NetWellness is a global, community service providing quality, unbiased health information from our partner university faculty. NetWellness is commercial-free and does not accept advertising.
Thursday, April 24, 2014
Refusing to see a doctor
My mother is 81 years old and in relatively good physical health. My fater passed away 5 months ago and we believe my mother is suffering from depression. Her memory is failing and she tends to repeat herself a lot. The problem is, is that she absolutely refuses to see a doctor - she hasn`t been in years and will not go now. We have made appointments for her, but she will not go. She is VERY stubborn and will not change her mind. We know there is medication that would help her, but without seeing a doctor, we can`t get her the medication she needs. What do you suggest we do? We are desperate!
This is a challenge for family members that is may not be easily resolved. Your note does not indicate how well your mother is functioning or whether she shows signs of actual clinical depression. Even though family is very concerned, since your mother is competent to make her own decisions, she is within her rights to refuse to see a physician even though this causes great concern and frustration at times. Depression may occur after loss of a loved one and may interfere with memory. In any case, it is important to discover the root of the memory problem whether it is depression or some other process.
If your mother attends a faith-based community, it is sometimes helpful to get the religious leader to intervene with the older person and to help the family by urging a visit to the health care provider, as a means of ensuring that she is in good health herself, following such a stressful event as loss of her spouse.
Your concern is understandable. Sometimes a trusted confidant or friend of an older person may be enlisted to help to influence an older person take care of themselves by seeing the doctor. By pointing out to the senior that a doctor's visit is not necessarily only for themselves but it is out of concern for family members to relieve their minds.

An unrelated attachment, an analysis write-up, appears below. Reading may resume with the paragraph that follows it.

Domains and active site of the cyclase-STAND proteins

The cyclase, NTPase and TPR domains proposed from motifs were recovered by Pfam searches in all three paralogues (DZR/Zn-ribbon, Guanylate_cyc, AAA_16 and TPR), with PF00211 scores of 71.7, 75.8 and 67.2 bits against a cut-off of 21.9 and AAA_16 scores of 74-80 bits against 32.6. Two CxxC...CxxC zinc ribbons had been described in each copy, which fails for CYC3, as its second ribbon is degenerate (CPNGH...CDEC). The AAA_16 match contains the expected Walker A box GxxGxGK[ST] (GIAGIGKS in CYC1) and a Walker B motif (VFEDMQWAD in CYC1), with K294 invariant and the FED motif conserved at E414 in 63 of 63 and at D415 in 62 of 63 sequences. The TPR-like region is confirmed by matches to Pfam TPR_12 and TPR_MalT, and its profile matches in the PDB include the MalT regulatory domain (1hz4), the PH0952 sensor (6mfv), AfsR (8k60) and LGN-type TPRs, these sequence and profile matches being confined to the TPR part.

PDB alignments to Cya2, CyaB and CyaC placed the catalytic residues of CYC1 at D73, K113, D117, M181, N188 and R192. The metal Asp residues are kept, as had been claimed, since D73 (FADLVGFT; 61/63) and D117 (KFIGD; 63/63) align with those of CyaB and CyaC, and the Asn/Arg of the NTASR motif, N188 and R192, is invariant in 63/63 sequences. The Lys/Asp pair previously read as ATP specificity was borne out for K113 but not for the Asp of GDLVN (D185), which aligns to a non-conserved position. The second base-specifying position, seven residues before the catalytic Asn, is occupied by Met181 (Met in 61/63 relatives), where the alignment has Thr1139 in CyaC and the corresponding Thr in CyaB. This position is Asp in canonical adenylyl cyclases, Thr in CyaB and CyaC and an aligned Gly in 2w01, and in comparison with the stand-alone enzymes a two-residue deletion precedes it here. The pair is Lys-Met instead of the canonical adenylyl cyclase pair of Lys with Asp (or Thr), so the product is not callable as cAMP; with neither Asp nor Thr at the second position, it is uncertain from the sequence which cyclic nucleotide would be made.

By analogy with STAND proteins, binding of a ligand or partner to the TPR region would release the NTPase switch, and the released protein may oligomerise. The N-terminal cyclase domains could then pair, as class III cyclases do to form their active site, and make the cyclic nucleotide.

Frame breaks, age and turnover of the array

One technique you and your family members might try is to appeal to her as your surviving parent. Having lost your father, it sounds in your note that you are concerned about your mother's well-being and it is very important to you. You could let her know (you and all her children, if you have siblings) that she could be helpful you (to all of you) by checking with her physician about her own state of health and wellbeing and that a visit to her doctor would relieve your mind.
You may have already tried this approach but may need to appeal to her several times regarding your concern for her and your need for reassurance about her well-being. This has been helpful to some families. Hopefully, your mother will eventually see her doctor but in the meantime, it would be advisable to check in with her often and continue to appeal to her to visit the doctor for a check up.
If the doctor makes home visits, this could be arranged but only with your mother's permission, as it sounds as though she is capable of making her own decisions, as frustrating to you as this may be. We truly appreciate your concern.
One final suggestion: Contact your local area Council on Aging Service providers (usually in the phone book or online for your city or county) Perhaps they can provide additional information and resources to help you regarding this important concern.
Evelyn L Fitzwater, DSN, RN
Associate Professor Emerita
Associate Director of the
College of Nursing
University of Cincinnati